QUESTION: (Inaudible) +1 minus China?
QUESTION: And --
MR. MCCORMACK: (Laughter.) At this point, no I don't expect that. They're really saying, with respect to the P-5+1 is on -- what day are we, Wednesday today -- on Monday, I think Nick Burns, I think, is doing --
MR. MCCORMACK: Tuesday, Nick Burns had a conference call with his political director colleagues. They decided that they were going to make some amendments to the draft elements of a UN Security Council resolution. Those are being considered in capitals right now. I would expect, although it's not scheduled yet, perhaps as early as early next week, they will get together once again for a conference call. So I'm -- at this point, I don't see the P-5+1 ministers gathering as a group. Of course, many of those ministers will be there at the donors conference and I'm sure that they will talk not only about issues related to the Israeli-Palestinian track, but other matters that may be at hand.
QUESTION: Sean, you think you'd be able to give us a list, even partial, of the bilats or do you have anything you can tell us now of Lavrov --
MR. MCCORMACK: At this point, I'm just going to hold off because it's still fluid. We're still trying to look at different people's schedules. So prior to our departure, we'll try to get you something.
QUESTION: Can you get us an idea of what you -- what the U.S. intends to announce during the conference or if you don't want to say how much you --
MR. MCCORMACK: We have to save something for the conference.
QUESTION: Yes. What do you expect for this conference?
MR. MCCORMACK: You guys report every single day. We have to save something for the people who actually write about the conference.
QUESTION: But what do you expect from this conference?
MR. MCCORMACK: Well, what we would hope is that the attendees are able to be as generous in their support as they possibly can in all variety of support, whether that's political, diplomatic, whether that's training, whether that's actual cash support for programs. So there are a lot of different ways to contribute. But I think -- and I'll leave this to the organizers of the conference to talk in more detail about that. But I think what everybody is looking for is some real tangible support for the efforts of Palestinian institution-building because that is going to be absolutely key in helping to bring about a Palestinian state.
QUESTION: And how generous do you expect to be?
MR. MCCORMACK: Oh, well, that you will have to wait and see.
QUESTION: But you do expect some announcement then of U.S. assistance.
MR. MCCORMACK: I would expect there would be some announcement, yes.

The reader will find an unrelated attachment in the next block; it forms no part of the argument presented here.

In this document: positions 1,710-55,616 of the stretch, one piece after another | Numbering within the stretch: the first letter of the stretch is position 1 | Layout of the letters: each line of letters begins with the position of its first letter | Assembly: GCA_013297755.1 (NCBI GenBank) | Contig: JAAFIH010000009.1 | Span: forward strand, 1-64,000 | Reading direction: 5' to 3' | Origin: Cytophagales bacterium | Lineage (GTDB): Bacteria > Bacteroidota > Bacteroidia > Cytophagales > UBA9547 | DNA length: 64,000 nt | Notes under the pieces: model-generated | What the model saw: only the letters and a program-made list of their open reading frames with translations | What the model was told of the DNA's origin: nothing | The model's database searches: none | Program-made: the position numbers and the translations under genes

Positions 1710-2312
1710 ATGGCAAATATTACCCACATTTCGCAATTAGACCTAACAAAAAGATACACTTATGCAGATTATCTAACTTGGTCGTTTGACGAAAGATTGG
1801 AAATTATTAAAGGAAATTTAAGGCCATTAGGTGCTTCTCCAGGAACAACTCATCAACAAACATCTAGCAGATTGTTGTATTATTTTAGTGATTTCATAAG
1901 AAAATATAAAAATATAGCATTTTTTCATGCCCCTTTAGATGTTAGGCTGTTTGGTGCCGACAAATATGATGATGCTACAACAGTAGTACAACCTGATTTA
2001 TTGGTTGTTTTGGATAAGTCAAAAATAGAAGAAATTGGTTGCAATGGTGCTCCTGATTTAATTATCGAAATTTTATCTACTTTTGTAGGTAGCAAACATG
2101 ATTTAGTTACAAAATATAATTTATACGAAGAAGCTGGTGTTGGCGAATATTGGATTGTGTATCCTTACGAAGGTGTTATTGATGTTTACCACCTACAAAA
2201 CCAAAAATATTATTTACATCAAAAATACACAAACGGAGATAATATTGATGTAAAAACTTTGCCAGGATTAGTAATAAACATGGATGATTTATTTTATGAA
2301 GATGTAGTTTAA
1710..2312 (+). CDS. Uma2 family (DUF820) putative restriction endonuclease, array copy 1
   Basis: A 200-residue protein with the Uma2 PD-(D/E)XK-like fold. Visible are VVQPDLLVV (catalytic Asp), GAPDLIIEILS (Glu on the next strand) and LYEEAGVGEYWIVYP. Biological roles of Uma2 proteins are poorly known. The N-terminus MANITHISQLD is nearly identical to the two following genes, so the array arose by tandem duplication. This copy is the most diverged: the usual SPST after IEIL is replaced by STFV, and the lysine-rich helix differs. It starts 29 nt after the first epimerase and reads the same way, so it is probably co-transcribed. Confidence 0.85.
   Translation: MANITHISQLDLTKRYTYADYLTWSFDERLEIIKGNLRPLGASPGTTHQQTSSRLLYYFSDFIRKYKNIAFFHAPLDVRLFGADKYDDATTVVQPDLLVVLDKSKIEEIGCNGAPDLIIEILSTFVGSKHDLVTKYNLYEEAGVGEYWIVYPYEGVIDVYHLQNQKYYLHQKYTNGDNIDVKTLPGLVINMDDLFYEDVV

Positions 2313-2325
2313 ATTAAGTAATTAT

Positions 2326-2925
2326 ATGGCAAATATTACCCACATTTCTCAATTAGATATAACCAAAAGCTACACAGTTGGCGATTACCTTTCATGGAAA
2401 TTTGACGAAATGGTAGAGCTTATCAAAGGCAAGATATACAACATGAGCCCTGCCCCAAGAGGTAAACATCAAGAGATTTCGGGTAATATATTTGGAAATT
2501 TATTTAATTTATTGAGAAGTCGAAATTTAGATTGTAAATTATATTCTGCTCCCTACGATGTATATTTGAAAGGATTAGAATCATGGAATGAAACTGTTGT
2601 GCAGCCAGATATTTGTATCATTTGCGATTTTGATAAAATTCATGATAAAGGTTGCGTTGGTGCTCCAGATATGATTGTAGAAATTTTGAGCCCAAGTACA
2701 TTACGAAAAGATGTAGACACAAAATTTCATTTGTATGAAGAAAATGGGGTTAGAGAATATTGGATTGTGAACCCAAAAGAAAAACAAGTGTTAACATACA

QUESTION: And would that be new money or would it be --
MR. MCCORMACK: Oh, here we go down this road again.
QUESTION: Well, let me take you down this road, because we're Wednesday now, so you got like three days to actually figure this stuff out.
MR. MCCORMACK: You're not going to hear it from me. I am not going to get into the money thing. What we'll do at the conference is we'll probably have some number for you and then I'll have some knowledgeable person talk to you either there or here.
QUESTION: That would be great. And just so there's no ambiguity for the fine, knowledgeable person who's not going to have to read this portion of the transcript, in addition to Matt's excellent question about how much is new money and how much is not new money, we would very much like the comparative amounts of U.S. aid to the Palestinians for the current fiscal year and for the previous fiscal year. And I realize for the current one, it's complicated because (inaudible) I don't think has actually passed the (inaudible) appropriations, but it keeps passing continuing resolutions and therefore at a minimum one would want a knowledgeable person. The -- you know, the -- at least what your budget request was and what you got the previous year.
MR. MCCORMACK: Got you. So what we need is --
QUESTION: Everything else.
MR. MCCORMACK: -- something with green eyeshades.
MR. MCCORMACK: We will have, here, talk about all this stuff. You're not going to hear it from me.
QUESTION: Will it be tens of a million dollars, hundreds of millions?
MR. MCCORMACK: Oh, Sylvie, Sylvie, please. Let's maintain the suspense. (Laughter.)
QUESTION: Can you get them to come talk to us on Friday?
MR. MCCORMACK: We'll see. I don't know if we'll be able to talk about a number beforehand.
QUESTION: All right. Lebanon?
QUESTION: Wait a minute. Somebody back there was --
QUESTION: Yeah. I just wanted to go back to Iran, coming back on the topic. But can you say at this point that you've agreed on what the elements that would go into the draft will be or you're still talking about whittling it down from a list of elements?
MR. MCCORMACK: Oh, I wouldn't necessarily characterize it as whittling down. What's -- what happens during the course of negotiating these resolutions is elements drop out, they come back in. That happens over a period of time. But what we're looking for is a significant resolution that will be passed by the Security Council. We don't have -- we don't yet have agreement on the elements of the Security Council resolution. As I said, Secretary Rice has had some good conversations with some of her counterparts. Nick Burns is going to continue his efforts working with the P-5+1 political directors. And it is our hope in a matter of weeks that he will be able to actually get agreement on a resolution and have a positive vote on it in the Security Council.
MR. MCCORMACK: Sure.
QUESTION: You said that you linked this assassination with some others during the last two years.